Corrupted Fiction: A Study of Rumour as the Language

Corrupted Fiction: A Study of Rumour as the Language
of the Subaltern
Subaltern communities are the most difficult groups to historically study because they leave
behind very few written sources. Communication within subaltern society is primarily oral. The
information that circulates is usually based on rumours whose narratives change rapidly over
time and distance. Thus, historians often disregard rumour as the process by which truth
becomes corrupted. Although historians frequently study rumour as a tool that incites popular
reaction, they rarely observe it as a language that reflects subaltern perspectives. Thus, this paper
provides a methodology by which historians can study rumours as a language within subaltern
communities. Through compiling a historiographical study of rumours in different subaltern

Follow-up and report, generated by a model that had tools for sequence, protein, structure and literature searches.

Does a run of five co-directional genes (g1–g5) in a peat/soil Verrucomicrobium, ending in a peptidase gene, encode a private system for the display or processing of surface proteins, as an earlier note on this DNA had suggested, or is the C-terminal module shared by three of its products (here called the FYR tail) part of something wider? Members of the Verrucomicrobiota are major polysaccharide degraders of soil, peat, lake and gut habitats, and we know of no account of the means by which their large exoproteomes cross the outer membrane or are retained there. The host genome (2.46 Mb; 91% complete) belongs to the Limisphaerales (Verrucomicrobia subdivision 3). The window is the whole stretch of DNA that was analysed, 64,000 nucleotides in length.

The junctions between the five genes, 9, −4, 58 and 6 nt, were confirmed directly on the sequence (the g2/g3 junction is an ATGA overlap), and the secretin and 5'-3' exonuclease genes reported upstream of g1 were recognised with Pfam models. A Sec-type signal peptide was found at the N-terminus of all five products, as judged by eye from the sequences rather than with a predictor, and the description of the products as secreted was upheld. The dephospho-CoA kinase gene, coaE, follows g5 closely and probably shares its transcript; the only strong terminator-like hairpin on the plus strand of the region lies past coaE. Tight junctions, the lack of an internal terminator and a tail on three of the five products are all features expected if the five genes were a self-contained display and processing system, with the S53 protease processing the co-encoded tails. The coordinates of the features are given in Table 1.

societies, this paper outlines how historians can use rumours to determine the psychology of
subaltern communities, the parameters of those communities, and the ways in which those
communities interacted with the state. Moreover, this paper also invents a vocabulary to discuss
the specific ways in which rumours affect their audience. Rumours are an extremely valuable
source of historical information because they are one of the only forms of communication that
the subaltern can access. Much can be inferred about the characteristics of subaltern
communities from the ways in which they narrate rumours.
Five Key Words:
Rumour, Subaltern, Language, Historiography, Fiction
The Malay word for rumour is khabar angin, which means “news on the wind.” Lacking
a known author or origin, rumours are both rousing and unverifiable. Rumours spread quickly
and change constantly. It is precisely the elasticity of rumours that complicates their study for
historians. If rumours constantly evolve, how can they be used to investigate that which actually
occurred? Is their metamorphosis random, or is it partly determined by societal conditions?
There is surprisingly little historical analysis that answers these questions. Most historians regard
rumour as a process by which truth is corrupted; rumours are the fictional content of speech
rather than a way of transmitting information. However, this paper will analyze rumours as a